I have sometimes crossed paths with the red eft, a magical forest denizen. The red eft is pretty common in the woods here, though I myself have not seen any on this trip. Their whole body is bright orangey-red and they motor through the vast forest terrain with tenacity. They are a glistening streak of color in an otherwise muted forest palette of rock, bark, moss and lichen, a tiny and perfect brush-stroke. Normally the eft stage lasts one to two years, and in that time, the eft seeks a new home before maturing and settling on one breeding ground. It doesn’t surprise me to learn that the efts are the newt teenagers- the juveniles- but it does astound me that if it so desires, the Eastern newt has the capability to skip this stage of metamorphosis entirely and go straight to a drab-toned adulthood, keeping only a remnant of red youth.

I have always been magnetically attracted to these creatures that are able  to sense the earth’s magnetic field and use it for navigation. They are like little compasses, and while they have several means of receptivity, one possible means includes a bio-accumulated presence of magnetite in their body. Scientists have tried to almost alchemically prove this through a salamander-reduction process and have been unable to offer a final proof either for or against the presence of ferromagnetic material. All they can say is that it seems likely, which seems like a poor profit to place against such research, no gold produced. It seems like it would be in keeping with their attributes, since they are overall such sensitive indicators of environment.

And speaking of a sensitive awareness of environment, towards the end I drop my phone in the lake. What do they think of that? Is it a Gods Must Be Crazy moment? Except, a coke bottle is probably more useful than a dead cell phone. Humanity has de-evolved. It is definitely a my-spouse-will-not-be-happy-with-me moment, although now weeks have passed, and guess what, spouse, who is just hearing about this for the first time: the phone still works! I didn’t even lose the salamander videos. Love you, baby. I am thrilled to the core of my being to have hung out with the salamanders, no less than when I was seven or nine and finding them in my backyard, before they disappeared. I haven’t seen one now in thirty years. Salamander as a symbolic messenger “beckons us to call upon our deepest internal resources to produce the development we require” and is a message that “there is never loss, and to seek out renewal whenever possible.” So, come on, humanity, myself included. That’s a hopeful message, in keeping their more obvious traits; playful, nimble, light-of-touch. They can point the way, with their little magnetic bodies, and we should pay attention.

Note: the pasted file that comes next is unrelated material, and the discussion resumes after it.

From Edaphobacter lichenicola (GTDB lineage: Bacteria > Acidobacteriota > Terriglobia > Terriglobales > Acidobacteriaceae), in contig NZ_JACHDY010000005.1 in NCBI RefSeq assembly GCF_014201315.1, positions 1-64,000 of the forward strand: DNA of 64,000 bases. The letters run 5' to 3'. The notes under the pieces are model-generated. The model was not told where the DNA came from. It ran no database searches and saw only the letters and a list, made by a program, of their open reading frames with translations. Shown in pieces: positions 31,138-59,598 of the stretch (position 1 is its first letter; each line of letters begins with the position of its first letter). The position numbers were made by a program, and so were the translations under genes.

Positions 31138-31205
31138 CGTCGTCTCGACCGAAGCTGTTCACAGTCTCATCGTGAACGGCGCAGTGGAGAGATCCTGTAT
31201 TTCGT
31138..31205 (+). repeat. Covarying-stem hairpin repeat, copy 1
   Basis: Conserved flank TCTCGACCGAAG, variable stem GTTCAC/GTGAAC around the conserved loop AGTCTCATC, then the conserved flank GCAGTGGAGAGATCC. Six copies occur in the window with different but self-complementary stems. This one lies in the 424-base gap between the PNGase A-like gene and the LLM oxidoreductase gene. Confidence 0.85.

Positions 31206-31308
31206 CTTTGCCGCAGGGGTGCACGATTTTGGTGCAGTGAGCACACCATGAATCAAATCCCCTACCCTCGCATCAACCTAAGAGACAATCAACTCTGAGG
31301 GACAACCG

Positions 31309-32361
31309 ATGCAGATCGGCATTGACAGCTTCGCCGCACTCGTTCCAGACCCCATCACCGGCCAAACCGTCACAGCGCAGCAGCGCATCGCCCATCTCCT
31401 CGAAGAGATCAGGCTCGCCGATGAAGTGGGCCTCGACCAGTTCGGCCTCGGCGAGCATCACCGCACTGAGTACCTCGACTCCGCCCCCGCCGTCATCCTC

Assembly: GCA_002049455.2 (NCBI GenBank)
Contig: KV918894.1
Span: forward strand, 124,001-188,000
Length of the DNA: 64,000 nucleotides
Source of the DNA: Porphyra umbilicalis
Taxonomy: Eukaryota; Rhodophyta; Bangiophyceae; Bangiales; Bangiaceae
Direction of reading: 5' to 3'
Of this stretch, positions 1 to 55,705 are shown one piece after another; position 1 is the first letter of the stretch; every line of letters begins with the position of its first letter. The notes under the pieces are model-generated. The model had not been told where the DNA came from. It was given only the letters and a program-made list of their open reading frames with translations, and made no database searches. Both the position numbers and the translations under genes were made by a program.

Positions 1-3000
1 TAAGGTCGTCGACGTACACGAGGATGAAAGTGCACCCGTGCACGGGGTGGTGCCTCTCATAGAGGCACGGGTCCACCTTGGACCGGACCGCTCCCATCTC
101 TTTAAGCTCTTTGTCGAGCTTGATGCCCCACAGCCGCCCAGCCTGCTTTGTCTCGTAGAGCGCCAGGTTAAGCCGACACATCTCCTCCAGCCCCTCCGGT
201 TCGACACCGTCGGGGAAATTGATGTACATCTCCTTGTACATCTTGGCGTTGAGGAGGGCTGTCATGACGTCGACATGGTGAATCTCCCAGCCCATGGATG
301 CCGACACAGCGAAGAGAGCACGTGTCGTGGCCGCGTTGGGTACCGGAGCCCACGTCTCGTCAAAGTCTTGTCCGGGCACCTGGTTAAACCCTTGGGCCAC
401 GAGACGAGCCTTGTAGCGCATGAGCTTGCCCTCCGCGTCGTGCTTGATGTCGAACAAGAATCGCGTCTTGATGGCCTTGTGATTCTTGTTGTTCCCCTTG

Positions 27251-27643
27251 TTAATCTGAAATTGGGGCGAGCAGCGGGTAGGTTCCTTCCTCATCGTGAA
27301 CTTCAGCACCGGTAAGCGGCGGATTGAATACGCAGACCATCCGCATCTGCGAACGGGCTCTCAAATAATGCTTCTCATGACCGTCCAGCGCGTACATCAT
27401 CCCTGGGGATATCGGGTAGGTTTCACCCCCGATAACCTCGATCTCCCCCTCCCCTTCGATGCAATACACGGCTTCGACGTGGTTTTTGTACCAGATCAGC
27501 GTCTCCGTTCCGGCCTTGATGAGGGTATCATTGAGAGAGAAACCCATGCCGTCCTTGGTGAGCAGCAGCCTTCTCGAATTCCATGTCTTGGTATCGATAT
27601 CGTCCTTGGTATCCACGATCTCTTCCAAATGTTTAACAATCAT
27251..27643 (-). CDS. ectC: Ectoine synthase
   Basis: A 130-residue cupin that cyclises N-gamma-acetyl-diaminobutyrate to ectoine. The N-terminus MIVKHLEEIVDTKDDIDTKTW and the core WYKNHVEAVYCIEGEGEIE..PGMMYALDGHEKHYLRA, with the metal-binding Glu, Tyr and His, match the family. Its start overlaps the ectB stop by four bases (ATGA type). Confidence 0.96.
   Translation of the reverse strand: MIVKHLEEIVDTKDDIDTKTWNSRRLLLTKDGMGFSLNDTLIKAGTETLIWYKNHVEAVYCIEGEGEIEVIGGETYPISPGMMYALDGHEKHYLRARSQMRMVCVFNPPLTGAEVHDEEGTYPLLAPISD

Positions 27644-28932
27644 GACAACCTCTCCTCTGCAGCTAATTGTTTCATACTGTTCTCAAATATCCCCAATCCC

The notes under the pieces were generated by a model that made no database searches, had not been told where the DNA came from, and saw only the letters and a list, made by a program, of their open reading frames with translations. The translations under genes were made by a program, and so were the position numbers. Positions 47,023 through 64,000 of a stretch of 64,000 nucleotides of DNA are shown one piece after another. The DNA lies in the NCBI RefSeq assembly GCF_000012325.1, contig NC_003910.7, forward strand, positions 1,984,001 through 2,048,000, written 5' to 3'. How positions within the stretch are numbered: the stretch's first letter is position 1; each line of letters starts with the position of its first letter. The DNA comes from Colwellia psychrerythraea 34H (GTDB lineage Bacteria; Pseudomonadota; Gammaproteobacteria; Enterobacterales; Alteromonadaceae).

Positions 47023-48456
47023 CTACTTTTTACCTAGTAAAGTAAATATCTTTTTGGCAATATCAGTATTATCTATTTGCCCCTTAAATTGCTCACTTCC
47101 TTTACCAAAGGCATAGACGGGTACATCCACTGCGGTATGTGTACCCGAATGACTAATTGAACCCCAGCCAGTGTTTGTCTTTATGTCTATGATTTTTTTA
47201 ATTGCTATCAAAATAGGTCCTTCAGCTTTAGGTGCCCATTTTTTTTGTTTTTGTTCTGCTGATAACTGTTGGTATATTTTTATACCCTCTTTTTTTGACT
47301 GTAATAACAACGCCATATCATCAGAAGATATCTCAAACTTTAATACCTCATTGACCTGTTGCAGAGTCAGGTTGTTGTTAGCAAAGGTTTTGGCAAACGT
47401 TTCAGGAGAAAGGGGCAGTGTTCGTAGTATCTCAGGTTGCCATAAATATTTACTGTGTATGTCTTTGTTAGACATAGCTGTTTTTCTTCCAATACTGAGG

Cairn Cove Poems

Cairn Cove Poems


When the Universe Tells You to Wake Up

-Wake up! I want you to know!

I awaken.

-I want to know. What is it?

-That’s what I want you to know.

Now go back to sleep.





More than Five

Shiro-yoku, forest bathing:

drinking in the forest through

all five senses.

She says: I want more than five.


Hiding under a moss rock.

Hiding in a tear-shaped opening in the boll of a sapling.

Hiding in the knock of two sturdy branches.

Hiding in lichen on a boulder.

Hiding in a spore.

Hiding in a pinecone.

Hiding in muck.

Hiding under a brown leaf.

Hiding under a pebble.

Hiding inside a cracked acorn.

Hiding between two halves of a split stone.

Hiding between two mighty trunks of a conjoined tree.

Hiding in a log.

With all of these places to hide,

why are we so in the open?

It is because we can’t choose,

and leave a piece in each.



Young hemlock waving its branches up and down

not so different from how the toddler goes, with a need to touch everything,    

was that you last night who

caught the glistening sky before it fell

and broke on the forest floor?



Pine Bath

I have pine in all my pores.

There are needles that have become caught in my clothes

and sap has glued my hair to my cheek.

I have a certain look in my eye

and bark flakes in my teeth.

People call me changed.

When I stand still I sway. When I lay, I fall.

I should use soap, take a shower, scrub harder,

I will, tomorrow,

but today,

one more pine bath.


All poems from residency at  Cairn Cove Retreat: surrounded by lake and woods, fed and led by savant/creatrix/caretaker Page.